Goethe Institute awards German-Arabic Translation Prize to Samir Grees and Mahmoud Hassanein

Germersheim graduates receive prizes in the Established Translator and Young Translator categories


The 2014 German-Arabic Translation Prize has been awarded to two graduates from Faculty 06: Translation Studies, Linguistics, and Cultural Studies at Johannes Gutenberg University Mainz (JGU). Samir Grees received the prize awarded by the Goethe Institute in the Established Translator category. Grees gained his diploma at the Germersheim faculty of JGU in 1998. The award in the Young Translator category went to Mahmoud Hassanein, who is currently a doctoral candidate and research associate in the Intercultural German Studies work group at Germersheim. The award ceremony was hosted by the German ambassador, Hansjörg Haber, at the Goethe Institute in Cairo.

The German-Arabic Translation Prize was first awarded in 2010 at the Leipzig Book Fair. In 2014, the Goethe Institute brought the award ceremony to Egypt. The prize is awarded in recognition of outstanding translations of contemporary German literature into Arabic and is intended to provide support to translators in their role as cultural ambassadors. The prize is awarded every two years for the best translation of a text extract from a contemporary German-language literary work which has not yet been published in Arabic.

Samir Grees received the prize for his translation of an excerpt from David Wagner's novel "Leben". The Goethe Institute noted that the jury was especially impressed by the fact that the translation stood out from the other entries in that it closely reproduced the tone of the original and was characterized by a high degree of naturalness, realism, and readability. Grees was born in Cairo in 1962 where he studied German and then went on to gain his translation diploma at Mainz University. He now works for the language services division of the German Bundestag. He has published numerous translations of texts by distinguished authors and other complex works, such as "Die Klavierspielerin" (The Piano Teacher) by Elfriede Jelenik, "Der Kontrabass" (The Double Bass) by Patrick Süskind, "Montauk" by Max Frisch, and "Wittgensteins Neffe" (Wittgenstein's Nephew) by Thomas Bernhard.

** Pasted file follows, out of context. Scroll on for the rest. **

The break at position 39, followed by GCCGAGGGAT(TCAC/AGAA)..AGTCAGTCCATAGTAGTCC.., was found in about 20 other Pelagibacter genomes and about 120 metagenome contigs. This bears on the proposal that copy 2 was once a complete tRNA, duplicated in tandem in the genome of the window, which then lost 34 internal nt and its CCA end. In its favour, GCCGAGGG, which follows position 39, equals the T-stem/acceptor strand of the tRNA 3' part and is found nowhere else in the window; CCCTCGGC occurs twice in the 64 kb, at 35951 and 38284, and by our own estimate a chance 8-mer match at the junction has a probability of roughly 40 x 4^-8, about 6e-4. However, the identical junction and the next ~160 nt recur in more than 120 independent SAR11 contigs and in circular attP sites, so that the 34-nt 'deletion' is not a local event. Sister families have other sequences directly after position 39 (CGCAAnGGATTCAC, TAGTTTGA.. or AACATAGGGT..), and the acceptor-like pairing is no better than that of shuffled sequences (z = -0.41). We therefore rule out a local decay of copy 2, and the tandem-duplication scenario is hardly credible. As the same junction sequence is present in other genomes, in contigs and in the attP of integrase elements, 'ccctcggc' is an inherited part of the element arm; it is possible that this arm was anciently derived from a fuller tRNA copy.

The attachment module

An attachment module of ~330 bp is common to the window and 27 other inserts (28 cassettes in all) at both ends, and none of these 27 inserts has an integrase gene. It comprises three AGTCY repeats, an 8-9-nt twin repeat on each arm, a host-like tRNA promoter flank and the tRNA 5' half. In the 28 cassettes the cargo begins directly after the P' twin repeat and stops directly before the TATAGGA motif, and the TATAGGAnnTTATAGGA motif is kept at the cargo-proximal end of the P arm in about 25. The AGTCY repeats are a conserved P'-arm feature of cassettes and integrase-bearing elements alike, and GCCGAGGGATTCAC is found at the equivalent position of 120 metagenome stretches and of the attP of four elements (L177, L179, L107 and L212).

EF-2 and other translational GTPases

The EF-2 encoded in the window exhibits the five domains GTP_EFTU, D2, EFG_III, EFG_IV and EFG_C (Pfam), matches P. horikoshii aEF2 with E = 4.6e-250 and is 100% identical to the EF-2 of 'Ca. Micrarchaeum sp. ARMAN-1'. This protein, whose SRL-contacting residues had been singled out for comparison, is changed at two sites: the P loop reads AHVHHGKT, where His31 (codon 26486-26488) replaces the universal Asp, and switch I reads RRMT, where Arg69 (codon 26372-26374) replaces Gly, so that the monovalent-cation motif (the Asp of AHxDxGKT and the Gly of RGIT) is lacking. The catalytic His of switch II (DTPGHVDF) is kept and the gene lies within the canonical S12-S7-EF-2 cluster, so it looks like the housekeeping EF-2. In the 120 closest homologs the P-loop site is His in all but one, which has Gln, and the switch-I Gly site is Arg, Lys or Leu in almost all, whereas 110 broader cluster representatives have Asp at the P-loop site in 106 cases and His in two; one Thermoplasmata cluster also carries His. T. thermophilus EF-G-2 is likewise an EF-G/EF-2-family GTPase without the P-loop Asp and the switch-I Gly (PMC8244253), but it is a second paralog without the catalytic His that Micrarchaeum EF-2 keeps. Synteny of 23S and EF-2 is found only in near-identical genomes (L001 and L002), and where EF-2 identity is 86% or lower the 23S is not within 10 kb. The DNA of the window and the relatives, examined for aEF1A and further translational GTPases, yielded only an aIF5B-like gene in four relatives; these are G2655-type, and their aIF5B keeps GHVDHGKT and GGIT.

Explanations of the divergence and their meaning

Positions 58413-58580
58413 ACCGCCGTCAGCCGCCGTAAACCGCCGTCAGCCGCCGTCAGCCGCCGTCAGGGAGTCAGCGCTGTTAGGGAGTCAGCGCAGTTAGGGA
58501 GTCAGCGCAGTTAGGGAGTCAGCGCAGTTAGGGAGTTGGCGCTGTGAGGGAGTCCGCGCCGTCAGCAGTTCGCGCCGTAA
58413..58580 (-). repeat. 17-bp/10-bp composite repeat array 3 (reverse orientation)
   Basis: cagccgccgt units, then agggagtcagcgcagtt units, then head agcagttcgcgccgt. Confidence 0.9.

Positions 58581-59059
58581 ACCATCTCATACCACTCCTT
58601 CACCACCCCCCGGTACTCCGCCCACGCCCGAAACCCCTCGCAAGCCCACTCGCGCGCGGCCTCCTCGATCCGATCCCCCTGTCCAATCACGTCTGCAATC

Mahmoud Hassanein received the Young Translator Prize for his translation of an excerpt from Wolfgang Herrndorf's "Sand". In its assessment, the jury stated that his translation of this complex literary text and its sometimes difficult style was largely accurate while the translator had also managed to find consistent and readable solutions in Arabic, making for a highly effective translation. Mahmoud Hassanein was born in Cairo in 1982. He studied German and Arabic in Cairo and later Language, Culture, and Translation in Germersheim. Since the 2011/2012 winter semester, he has been working on his doctoral dissertation on the subject of "Human Rights in Translation". Among the works he has translated to date are "Das war der Hirbel" (That was Hirbel) by Peter Härtling, "Eine Woche voller Samstage" (A Week Full of Saturdays) by Paul Maar, "Krabat" by Ottfried Preußler, and, in cooperation with the Teatro Eskendria in Egypt and Schnawwl at the Mannheim National Theater, "Ein erster Schnitt: Ein Schauspiel nach der Tell-Legende" (A First Step: A Drama Based on Tell’s Legend). Hassanein participated in the 2012 ViceVersa: German-Arabic Translator Workshop at the Literary Colloquium Berlin and in the 2014 Kein Kinderspiel! Workshop for Translators of Young Adult German Literature at the Elsa Brändstrom Haus in Hamburg.